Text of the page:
SVB staff 'offered 45 days of work at 1.5 times salary'
Employees of Silicon Valley Bank have been offered 45 days of employment at 1.5 times their salary by the Federal Deposit Insurance Corp, the regulator that has taken control of the collapsed lender, according to an email sent to staff.
Workers will be enrolled and given information about benefits over the weekend by the FDIC, and healthcare details will be provided by the former parent company SVB Financial Group, the FDIC wrote in an email late on Friday entitled "Employee Retention".
SVB had a workforce of 8528 at the end of last year.
Staff were told to continue working remotely, except for essential workers and branch employees.
Silicon Valley Bank imploded after depositors, concerned about the lender's health, rushed to withdraw their deposits.
The frenetic two-day run on the bank blindsided observers and stunned markets, wiping out more than $US100 billion ($A152 billion) in market value for US banks.
SVB ranked as the 16th biggest bank in the US at the end of last year, with about $US209 billion in assets and $US175.4 billion in deposits.
The lender's main office in Santa Clara, California and all of its 17 branches in California and Massachusetts will reopen on Monday, the FDIC said in a statement on Friday.
The United Kingdom's finance minister spoke to the governor of the Bank of England about SVB's collapse and there are talks with firms affected to discuss the situation, a finance ministry statement said.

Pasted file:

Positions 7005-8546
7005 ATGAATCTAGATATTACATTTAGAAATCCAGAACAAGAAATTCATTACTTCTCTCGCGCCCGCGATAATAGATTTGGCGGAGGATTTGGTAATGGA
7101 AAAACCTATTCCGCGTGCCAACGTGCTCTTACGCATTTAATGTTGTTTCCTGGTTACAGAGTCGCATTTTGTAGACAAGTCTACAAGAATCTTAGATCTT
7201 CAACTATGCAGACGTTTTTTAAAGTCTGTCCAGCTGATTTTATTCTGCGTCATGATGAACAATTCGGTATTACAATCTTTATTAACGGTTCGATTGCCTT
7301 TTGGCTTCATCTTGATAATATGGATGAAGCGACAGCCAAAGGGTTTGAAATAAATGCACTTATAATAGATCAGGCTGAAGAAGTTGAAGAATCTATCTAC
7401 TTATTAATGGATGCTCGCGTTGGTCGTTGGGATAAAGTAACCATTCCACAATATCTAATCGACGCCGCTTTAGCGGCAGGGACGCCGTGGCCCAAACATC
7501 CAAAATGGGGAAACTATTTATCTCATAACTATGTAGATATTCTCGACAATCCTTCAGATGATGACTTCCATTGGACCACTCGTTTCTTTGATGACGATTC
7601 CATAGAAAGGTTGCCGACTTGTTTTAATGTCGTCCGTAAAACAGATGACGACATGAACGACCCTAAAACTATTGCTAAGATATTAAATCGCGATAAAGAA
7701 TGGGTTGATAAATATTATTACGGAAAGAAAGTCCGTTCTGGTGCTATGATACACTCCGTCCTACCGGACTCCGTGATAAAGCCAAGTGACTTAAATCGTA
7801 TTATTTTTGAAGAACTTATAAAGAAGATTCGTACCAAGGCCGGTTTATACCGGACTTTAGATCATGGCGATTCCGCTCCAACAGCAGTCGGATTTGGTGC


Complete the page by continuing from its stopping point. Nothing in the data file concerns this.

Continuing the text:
Officials from the finance ministry and the Bank of England are working closely together, the statement said, adding that the junior finance minister will discuss the concerns of some affected tech firms with industry representatives later on Saturday.
"The government recognises that tech sector companies are often not cashflow positive as they grow, and that they rely on cash on deposits to cover their day to day costs," the statement said.
The UK's banking system remains strong and resilient, the finance ministry added, saying that the issues affecting Silicon Valley Bank were specific to it and did not have implications for other banks operating in the country.
More than 250 UK tech firm chief executives signed a letter addressed to Jeremy Hunt, the UK chancellor of the exchequer, calling for government intervention, a copy seen by Reuters shows.
"The recent news about SVB going into insolvency represents an existential threat to the UK tech sector," the letter said.
"This weekend the majority of us as tech founders are running numbers to see if we are potentially technically insolvent."
"Most businesses are operating on very fine margins in the current economy and the contagion from the initial insolvencies will be vast and impact the economy far beyond the tech sector," the letter said.
Sky News had reported earlier on Saturday that a UK clearing bank, the Bank of London, was considering a rescue bid for the UK arm of SVB.
That came after the Bank of England on Friday said it was seeking a court order to place SVB UK into an insolvency procedure after US regulators took over parent company SVB Financial Group.
Under insolvency proceedings for banks in the UK, some depositors are eligible for up to 85,000 pounds ($A155,456) of compensation for lost deposits, or 170,000 pounds for joint accounts.
The UK's department for Science, Innovation and Technology is also talking to the affected tech firms.
Hargreaves Lansdown head of money and markets Susannah Streeter said there would be aftershocks in the tech sector next week.
"Urgent talks regarding potential takeovers will be ongoing, with regulators under pressure to negotiate bail outs to avoid further damaging fall out," she said.